Some cancer cells grow stronger after chemo. Research hints at how to kill them.

As with weeds in a garden, it is a challenge to fully get rid of cancer cells (opens in new tab) in the body once they arise. They have a relentless need to continuously expand, even when they are significantly cut back by therapy or surgery. Even a few cancer cells can give rise to new colonies that will eventually outgrow their borders and deplete their local resources. They also tend to wander into places where they are not welcome, creating metastatic colonies at distant sites that can be even more difficult to detect and eliminate.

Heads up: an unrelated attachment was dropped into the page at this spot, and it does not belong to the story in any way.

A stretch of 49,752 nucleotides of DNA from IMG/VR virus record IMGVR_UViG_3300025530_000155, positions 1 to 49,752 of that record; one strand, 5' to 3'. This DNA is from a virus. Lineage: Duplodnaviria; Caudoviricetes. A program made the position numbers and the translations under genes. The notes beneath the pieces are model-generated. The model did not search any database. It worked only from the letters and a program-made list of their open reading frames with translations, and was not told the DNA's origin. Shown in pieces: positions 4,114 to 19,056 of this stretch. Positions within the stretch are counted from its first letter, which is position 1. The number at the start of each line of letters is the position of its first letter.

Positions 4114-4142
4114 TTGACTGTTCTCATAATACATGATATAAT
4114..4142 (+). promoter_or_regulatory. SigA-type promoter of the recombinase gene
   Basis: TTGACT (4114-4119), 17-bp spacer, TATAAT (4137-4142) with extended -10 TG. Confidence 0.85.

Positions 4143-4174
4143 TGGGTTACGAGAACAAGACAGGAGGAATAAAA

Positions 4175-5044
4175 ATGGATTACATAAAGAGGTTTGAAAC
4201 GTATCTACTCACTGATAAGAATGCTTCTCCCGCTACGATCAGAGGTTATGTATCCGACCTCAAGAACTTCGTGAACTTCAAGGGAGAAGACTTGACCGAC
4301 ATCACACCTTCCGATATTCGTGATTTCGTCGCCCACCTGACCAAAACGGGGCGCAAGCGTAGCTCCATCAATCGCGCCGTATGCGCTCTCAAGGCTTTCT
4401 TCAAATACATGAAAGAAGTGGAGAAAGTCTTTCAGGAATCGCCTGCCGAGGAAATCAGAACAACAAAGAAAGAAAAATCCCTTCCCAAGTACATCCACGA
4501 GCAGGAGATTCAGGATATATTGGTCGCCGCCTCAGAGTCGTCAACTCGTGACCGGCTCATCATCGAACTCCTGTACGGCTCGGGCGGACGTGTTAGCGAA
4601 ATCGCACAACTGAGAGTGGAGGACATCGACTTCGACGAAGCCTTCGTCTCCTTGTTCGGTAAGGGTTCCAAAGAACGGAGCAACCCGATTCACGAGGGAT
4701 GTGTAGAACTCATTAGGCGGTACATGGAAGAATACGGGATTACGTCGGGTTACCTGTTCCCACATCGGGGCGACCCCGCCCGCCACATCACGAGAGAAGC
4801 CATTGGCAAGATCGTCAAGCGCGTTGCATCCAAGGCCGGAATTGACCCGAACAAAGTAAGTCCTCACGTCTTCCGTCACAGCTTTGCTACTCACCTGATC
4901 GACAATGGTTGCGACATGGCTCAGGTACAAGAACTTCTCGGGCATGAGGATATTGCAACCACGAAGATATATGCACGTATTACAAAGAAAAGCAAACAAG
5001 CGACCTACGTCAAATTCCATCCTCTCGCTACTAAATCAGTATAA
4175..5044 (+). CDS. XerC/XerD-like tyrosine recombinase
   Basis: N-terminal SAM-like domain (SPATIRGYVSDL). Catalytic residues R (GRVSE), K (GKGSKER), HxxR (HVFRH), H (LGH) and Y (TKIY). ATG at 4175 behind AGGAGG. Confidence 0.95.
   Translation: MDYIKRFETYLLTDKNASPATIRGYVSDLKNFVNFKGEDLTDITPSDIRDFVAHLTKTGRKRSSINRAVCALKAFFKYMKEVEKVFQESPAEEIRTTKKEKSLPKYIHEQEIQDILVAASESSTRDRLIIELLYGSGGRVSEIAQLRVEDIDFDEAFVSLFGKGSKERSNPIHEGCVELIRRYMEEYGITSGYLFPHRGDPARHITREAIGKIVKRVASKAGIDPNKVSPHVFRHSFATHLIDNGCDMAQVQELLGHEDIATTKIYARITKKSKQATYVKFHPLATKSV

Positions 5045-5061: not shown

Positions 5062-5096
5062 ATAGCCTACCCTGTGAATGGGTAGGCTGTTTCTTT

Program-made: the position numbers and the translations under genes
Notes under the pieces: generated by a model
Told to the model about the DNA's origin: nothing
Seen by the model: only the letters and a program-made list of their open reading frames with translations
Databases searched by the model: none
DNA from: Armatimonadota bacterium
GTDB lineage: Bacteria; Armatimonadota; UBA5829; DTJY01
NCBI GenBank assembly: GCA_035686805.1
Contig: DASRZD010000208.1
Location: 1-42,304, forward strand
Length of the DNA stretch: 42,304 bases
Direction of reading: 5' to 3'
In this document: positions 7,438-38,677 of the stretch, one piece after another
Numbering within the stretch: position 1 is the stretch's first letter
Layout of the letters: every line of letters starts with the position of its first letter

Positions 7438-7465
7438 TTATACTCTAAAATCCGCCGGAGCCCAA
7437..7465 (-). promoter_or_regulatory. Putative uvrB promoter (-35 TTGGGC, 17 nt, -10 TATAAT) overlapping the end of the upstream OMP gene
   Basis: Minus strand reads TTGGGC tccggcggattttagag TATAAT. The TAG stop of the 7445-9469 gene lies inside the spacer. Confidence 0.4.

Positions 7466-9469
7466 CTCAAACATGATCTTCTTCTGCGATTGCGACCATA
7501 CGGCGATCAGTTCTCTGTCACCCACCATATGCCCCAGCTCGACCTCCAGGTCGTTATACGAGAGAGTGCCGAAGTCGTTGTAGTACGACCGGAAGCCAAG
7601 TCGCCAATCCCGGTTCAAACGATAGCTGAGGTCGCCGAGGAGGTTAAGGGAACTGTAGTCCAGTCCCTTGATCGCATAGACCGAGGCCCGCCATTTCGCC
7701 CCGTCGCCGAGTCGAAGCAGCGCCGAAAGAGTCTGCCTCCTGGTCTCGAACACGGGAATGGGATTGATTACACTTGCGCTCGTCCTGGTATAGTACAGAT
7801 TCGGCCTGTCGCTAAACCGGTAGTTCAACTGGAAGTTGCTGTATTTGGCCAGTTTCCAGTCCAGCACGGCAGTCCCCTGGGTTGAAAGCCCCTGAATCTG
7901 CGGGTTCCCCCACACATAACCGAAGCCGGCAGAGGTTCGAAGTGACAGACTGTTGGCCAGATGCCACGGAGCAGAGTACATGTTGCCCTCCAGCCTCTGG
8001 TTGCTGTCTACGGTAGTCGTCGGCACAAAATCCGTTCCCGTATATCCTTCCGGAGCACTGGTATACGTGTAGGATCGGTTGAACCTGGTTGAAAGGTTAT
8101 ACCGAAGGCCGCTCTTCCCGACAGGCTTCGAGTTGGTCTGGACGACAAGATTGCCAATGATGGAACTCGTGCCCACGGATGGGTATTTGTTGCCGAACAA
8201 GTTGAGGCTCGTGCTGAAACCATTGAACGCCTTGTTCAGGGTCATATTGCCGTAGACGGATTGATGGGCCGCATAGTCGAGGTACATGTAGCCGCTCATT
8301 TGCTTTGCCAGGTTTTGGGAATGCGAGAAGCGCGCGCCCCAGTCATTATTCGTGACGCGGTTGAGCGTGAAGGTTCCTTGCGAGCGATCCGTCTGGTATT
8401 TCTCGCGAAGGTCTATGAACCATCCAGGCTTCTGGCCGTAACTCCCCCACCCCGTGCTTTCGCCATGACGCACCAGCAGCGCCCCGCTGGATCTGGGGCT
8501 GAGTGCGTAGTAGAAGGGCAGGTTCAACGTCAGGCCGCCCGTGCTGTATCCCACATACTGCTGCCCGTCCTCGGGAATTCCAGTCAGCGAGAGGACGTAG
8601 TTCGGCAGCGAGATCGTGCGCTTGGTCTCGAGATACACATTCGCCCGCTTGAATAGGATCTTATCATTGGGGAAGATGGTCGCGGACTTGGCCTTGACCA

One explanation for why cancer cells can withstand such inhospitable environments and growing conditions is an old adage: What doesn’t kill them makes them stronger.

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